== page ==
It was Friday of Labor Day weekend. I was with Amber and Maddie and Ida. Maddie and I weren’t close friends yet. Our first stop of the evening was Kaela McLaughlin’s 19th birthday at Calder Commons. I’m not sure how we ended up at a party thrown by Collegian kids on South Atherton- it was on the complete opposite side of town, but there we were. We were all on the porch drinking out of solo cups when I saw him- Zack, I mean. He was wearing glasses and a button up and jeans. We made eye contact and stayed there for a little while. The bluest eyes I’d ever seen. It was, as my mother will tell you when she tells the story of us, “smoldering eye contact.” The girls were nudging me to leave- they wanted to go smoke a bowl at our guy friends’ place at Highland Tower. “I’m going to go say something to him,” I told Amber.

“Hey,” I said as I walked up to Zack. “My name’s Allison. Me and my friends are leaving, do you want to come with us?”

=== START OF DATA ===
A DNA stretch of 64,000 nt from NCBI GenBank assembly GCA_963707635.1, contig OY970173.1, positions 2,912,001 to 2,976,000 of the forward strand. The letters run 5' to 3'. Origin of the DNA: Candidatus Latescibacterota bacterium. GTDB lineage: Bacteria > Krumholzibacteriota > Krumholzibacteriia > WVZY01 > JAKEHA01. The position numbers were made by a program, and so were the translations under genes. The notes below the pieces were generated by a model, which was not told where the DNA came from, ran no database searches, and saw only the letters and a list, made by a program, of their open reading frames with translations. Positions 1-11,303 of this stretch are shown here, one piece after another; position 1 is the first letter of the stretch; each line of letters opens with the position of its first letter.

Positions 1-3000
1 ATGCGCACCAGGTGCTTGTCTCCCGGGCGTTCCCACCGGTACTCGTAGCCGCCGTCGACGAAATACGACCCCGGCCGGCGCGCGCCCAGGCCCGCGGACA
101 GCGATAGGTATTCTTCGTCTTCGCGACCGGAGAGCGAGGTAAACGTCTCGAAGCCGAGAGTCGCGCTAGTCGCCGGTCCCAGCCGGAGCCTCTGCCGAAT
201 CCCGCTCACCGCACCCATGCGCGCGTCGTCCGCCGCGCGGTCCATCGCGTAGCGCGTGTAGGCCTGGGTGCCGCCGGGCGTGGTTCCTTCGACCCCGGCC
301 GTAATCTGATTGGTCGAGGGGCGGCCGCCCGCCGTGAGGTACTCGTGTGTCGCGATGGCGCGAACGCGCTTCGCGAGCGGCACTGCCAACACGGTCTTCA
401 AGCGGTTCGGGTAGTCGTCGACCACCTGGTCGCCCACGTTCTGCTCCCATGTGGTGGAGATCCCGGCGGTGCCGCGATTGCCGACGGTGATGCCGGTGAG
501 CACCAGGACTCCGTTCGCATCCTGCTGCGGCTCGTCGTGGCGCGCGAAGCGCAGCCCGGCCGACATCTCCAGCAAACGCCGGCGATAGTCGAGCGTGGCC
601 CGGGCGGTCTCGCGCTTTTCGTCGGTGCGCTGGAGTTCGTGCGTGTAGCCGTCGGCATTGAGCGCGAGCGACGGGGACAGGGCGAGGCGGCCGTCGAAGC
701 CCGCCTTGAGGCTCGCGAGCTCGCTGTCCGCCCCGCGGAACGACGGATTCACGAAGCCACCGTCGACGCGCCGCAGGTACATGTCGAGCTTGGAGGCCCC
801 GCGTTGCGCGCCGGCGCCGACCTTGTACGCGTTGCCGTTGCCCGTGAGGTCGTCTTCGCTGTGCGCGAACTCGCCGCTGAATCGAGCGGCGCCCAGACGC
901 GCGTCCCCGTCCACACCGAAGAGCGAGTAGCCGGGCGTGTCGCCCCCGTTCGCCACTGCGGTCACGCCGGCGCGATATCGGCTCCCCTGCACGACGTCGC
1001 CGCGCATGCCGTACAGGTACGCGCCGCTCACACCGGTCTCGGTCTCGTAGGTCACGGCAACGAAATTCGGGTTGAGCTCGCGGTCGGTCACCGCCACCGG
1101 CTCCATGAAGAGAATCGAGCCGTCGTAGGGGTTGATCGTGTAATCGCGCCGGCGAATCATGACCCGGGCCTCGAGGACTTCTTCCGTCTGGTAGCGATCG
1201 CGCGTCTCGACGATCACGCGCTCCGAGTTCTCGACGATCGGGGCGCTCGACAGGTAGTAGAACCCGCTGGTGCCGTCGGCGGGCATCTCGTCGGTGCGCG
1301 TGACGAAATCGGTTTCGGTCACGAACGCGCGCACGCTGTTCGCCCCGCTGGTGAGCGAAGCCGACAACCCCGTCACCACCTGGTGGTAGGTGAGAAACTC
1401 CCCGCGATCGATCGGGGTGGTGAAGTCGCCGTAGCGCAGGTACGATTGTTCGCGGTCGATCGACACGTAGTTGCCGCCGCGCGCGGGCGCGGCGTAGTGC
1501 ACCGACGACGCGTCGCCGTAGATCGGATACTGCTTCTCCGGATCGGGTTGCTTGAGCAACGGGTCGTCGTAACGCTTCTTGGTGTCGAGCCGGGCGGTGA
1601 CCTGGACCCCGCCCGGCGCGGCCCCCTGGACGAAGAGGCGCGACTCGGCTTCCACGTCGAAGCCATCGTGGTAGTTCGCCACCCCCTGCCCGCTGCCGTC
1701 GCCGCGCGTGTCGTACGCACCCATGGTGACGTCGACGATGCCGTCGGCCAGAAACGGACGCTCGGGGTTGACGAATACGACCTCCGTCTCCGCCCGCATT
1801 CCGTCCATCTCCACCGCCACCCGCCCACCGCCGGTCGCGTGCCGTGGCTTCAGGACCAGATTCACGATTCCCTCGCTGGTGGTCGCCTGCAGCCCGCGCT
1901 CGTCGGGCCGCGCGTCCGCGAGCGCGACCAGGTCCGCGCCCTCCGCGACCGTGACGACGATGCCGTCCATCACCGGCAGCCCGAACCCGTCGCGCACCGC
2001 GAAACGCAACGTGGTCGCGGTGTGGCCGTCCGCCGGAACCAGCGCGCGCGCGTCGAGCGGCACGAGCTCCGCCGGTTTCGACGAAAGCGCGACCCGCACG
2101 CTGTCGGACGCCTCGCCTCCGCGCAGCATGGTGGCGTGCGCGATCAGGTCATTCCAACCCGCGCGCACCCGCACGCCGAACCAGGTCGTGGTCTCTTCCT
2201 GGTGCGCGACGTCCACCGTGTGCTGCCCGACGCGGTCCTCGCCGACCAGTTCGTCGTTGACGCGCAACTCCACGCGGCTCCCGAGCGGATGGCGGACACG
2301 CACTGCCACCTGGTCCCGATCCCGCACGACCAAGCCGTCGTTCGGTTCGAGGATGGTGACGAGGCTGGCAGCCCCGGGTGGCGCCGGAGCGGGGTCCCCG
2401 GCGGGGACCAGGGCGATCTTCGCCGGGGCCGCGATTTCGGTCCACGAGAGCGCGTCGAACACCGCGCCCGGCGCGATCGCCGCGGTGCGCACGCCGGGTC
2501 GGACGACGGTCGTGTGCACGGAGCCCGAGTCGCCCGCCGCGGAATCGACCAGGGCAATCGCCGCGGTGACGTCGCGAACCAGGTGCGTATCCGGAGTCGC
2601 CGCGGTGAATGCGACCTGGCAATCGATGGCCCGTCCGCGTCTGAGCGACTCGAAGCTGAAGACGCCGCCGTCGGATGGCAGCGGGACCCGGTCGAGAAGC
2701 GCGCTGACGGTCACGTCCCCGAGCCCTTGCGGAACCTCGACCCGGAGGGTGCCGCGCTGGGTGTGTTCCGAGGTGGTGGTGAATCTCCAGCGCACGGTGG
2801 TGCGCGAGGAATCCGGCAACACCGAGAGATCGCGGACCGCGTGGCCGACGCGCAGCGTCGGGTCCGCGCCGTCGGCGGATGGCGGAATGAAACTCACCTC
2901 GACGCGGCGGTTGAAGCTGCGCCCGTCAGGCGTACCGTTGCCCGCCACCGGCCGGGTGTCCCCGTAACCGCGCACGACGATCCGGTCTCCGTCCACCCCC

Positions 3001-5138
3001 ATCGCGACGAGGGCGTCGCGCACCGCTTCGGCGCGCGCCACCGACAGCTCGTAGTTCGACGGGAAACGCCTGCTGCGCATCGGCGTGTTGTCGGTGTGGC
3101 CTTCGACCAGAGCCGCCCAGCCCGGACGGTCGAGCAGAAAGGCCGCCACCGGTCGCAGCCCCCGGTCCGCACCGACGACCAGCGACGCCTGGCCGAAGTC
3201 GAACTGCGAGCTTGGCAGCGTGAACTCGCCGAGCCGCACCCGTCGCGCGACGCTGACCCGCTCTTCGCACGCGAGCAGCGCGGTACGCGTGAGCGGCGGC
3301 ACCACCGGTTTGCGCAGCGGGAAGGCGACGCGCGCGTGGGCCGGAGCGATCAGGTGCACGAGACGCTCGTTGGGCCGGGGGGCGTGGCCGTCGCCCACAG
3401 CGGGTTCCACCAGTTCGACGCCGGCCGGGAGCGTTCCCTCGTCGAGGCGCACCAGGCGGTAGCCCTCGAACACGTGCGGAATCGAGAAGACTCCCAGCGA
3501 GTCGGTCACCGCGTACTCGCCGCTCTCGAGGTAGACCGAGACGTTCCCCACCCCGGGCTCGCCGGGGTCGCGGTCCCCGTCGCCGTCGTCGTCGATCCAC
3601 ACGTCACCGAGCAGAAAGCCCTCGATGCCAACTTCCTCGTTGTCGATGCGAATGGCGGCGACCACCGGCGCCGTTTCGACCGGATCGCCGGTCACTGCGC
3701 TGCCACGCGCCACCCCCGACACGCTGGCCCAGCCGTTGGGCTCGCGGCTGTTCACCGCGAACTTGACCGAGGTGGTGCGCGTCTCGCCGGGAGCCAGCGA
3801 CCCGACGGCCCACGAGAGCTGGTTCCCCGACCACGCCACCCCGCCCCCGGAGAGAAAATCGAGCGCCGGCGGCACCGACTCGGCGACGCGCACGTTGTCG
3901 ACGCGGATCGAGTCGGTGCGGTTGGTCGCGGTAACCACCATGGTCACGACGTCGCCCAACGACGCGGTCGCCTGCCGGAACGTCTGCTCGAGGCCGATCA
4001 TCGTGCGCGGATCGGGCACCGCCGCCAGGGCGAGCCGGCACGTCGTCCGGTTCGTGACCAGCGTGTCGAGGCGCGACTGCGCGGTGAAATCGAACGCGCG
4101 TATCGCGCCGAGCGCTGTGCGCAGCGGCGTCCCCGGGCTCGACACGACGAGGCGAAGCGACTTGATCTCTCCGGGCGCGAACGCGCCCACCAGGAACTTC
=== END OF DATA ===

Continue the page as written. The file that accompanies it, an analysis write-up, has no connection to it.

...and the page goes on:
Turns out he did, and he brought Brian too. Ida recognized Brian. “We had CAS100 together and hooked up at a frat freshman year. He was cute, I liked him, but he was a republican.” Zack and I talked a little bit on the walk downtown, but he ended up chatting with Amber for the most part (everyone always had a thing for Amber). I left the guys’ place early and went home.

A few days later I was at the HUB planning the Good Life show for SOMA. I had opened up my Facebook on the computer at the front of the classroom and saw a little red flag over my inbox. I opened it. “Who the hell is Zack Hartman?” Danny Greene and a couple other SOMA kids gathered around me, curious. “Oh god,” I said. “He’s that kid I met at that party.”

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I was a real bitch in return. Totally holier-than-thou. Embarrassing. Honestly I can’t even believe he wanted to see me again.